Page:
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Visualization of feats, effects, spells and abilities in D&D is generally somewhat straightforward:

  • Paladin's Smite Evil - your weapon glows with holy energy and is unleashed when you hit Evil™ in the face,

  • Rogue's Sneak Attack - you stab them in the soft parts,

  • Monk's Flurry of Blows - this minus the heals.

But I could never understood how Monk's Slow Fall feat should be visualized. The text, quoting d20srd, says:

At 4th level or higher, a monk within arm’s reach of a wall can use it to slow her descent.

Does Monk, like, slams their fist into that wall? Runs up against it? Catches it with teeth? Uses air updrafts?

So - what is the intended visualization behind it?

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    \$\begingroup\$ @Snappie That sounds like an answer, not a request to clarify the question. I suggest you post it as an answer. \$\endgroup\$ Jan 13, 2017 at 21:39
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    \$\begingroup\$ I should say that what your asking about are class features, not feats. You may want to replace that tag with monk if the site has it \$\endgroup\$
    – Levi
    Jan 13, 2017 at 22:19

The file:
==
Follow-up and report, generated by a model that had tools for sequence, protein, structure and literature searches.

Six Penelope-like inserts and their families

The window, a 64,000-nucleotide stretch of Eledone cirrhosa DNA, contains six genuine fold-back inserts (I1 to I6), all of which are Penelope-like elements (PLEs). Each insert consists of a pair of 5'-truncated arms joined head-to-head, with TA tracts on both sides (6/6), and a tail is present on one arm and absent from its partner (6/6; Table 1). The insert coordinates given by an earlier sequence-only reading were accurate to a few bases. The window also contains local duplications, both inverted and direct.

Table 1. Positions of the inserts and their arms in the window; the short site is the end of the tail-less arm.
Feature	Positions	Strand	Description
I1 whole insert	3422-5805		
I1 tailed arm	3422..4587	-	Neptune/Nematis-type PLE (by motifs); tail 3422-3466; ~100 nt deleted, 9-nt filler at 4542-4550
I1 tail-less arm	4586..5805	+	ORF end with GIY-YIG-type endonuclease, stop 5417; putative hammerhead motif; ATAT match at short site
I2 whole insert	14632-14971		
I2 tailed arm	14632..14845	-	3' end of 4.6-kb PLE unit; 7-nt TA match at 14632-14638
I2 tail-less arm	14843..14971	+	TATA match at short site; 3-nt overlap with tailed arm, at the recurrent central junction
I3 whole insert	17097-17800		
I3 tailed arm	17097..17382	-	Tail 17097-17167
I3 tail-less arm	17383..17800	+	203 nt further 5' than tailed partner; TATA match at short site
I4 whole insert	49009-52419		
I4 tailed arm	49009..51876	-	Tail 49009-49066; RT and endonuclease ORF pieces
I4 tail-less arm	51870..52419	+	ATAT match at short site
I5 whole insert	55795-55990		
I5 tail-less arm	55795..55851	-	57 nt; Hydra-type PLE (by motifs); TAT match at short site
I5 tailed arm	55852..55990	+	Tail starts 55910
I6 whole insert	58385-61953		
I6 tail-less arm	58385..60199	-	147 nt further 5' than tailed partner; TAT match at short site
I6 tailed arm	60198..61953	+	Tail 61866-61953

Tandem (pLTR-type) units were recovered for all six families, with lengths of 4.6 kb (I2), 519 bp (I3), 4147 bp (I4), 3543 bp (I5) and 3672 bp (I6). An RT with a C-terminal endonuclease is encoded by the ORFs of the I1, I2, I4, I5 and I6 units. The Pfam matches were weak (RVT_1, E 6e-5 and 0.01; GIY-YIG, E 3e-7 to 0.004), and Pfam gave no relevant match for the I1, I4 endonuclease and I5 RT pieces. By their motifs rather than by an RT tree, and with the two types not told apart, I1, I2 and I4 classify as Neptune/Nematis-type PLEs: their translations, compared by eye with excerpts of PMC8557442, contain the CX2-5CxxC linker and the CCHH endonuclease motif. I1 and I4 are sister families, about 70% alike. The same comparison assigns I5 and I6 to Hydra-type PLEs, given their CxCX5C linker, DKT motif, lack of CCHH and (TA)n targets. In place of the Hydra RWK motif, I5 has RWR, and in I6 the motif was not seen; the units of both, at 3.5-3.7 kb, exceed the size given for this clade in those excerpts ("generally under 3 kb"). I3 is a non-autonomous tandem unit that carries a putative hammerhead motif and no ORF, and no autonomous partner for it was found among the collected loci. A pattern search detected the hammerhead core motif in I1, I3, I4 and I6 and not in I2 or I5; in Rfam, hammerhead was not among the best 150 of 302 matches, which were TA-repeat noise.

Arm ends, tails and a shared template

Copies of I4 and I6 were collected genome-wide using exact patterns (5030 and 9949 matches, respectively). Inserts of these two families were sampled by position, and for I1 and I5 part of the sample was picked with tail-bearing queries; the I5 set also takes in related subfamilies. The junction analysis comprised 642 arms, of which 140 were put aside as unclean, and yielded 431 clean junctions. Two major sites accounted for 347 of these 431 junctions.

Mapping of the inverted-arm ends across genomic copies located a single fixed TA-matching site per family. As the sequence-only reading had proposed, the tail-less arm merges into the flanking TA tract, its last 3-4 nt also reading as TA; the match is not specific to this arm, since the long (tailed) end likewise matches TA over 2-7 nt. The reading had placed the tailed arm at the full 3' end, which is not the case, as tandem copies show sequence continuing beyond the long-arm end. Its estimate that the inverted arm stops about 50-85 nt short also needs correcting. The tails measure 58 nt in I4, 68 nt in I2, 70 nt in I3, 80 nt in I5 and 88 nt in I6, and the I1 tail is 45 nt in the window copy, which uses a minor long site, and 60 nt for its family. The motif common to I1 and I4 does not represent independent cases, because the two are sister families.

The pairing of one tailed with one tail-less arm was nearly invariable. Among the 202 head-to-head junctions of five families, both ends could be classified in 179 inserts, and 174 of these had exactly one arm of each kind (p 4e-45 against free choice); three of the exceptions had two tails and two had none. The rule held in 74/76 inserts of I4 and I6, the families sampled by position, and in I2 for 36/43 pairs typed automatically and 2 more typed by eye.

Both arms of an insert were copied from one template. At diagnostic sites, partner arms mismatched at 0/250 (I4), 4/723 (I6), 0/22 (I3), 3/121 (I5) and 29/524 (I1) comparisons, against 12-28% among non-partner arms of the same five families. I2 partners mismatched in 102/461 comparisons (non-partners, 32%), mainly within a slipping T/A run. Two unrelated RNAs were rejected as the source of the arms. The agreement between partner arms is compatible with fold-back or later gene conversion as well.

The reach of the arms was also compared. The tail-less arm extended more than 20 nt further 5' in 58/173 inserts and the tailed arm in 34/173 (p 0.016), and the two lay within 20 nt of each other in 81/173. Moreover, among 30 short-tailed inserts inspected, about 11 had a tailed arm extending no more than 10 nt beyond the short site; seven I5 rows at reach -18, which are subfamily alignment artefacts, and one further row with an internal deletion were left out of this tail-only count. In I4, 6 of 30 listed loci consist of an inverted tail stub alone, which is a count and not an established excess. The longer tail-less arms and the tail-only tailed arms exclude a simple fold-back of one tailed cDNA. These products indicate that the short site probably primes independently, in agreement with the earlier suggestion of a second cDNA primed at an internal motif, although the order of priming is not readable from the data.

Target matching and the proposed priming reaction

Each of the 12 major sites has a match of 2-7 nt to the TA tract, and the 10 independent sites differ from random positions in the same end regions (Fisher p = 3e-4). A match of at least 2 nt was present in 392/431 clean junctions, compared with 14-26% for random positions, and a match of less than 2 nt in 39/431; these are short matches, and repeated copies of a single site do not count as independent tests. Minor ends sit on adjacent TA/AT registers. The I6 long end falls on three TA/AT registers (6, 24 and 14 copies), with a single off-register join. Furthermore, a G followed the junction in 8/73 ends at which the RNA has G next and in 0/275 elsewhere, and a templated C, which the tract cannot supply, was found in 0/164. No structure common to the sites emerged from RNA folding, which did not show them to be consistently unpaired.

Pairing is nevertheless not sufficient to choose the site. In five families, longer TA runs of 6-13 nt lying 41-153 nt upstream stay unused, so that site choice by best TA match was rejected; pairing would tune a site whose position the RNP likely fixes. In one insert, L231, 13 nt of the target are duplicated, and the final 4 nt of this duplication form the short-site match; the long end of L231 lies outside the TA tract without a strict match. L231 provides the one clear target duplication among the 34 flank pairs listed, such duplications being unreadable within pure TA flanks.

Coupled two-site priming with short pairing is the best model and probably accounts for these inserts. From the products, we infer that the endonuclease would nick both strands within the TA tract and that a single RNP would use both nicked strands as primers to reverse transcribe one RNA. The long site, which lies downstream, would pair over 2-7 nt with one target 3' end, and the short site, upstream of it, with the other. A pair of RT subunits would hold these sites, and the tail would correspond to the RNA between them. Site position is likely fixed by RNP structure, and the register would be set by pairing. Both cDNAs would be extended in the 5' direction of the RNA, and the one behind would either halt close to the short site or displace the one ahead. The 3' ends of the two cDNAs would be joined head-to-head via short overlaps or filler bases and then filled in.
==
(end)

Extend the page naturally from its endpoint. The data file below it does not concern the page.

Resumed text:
• \$\begingroup\$ @Levi Gah, I forgot about that tag. Fortunately, we have very active moderators. \$\endgroup\$
    – Dragomok
    Jan 14, 2017 at 8:00

2 Answers 2

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There are several ways that this could be done:

  • They might just dig their fingers/claw/dagger into the wall, coming down in a dust cloud.
  • They might grab for something protruding and make a flip around, rinse and repeat
  • They might run DOWN the wall, slowing down at the end and jump off it to do a roll before landing...

But in the end: Let the player narrate his cool monk ability how he would like. It's a monk, this ability is from Kung-Fu- and Ninja-Movies, so... be inspired by them?

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Unlike earlier D&D editions 5th ed doesn't mention the need for a monk to be close to a wall or something to slow their fall. This opens up the game to characters having "mystical chi" slowing their falls like in movies.

In our game we visualize a monk's Slow Fall the same as martial arts movies depict falling characters: Their clothes flap with the sound of moving wind then they land smoothly like fallen cats. Picture Crouching Fighter Hidden Dragon or Kung Fu Panda: The characters are using their Ki (without spending Ki points) rather than scraping at nearby supports.

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  • \$\begingroup\$ This question specifies 3.5, so the 5e rules aren't exactly relevant \$\endgroup\$
    – StephenTG
    Jul 24, 2017 at 23:47
  • \$\begingroup\$ @StephenTG Technically, yes... But still, it's an useful aside. I would have probably made the question specific to whole D&D (perhaps with a sub-question pertaining to the wall thing alone) if I knew that this Monk's feature appears in other editions. \$\endgroup\$
    – Dragomok
    Jul 25, 2017 at 8:57

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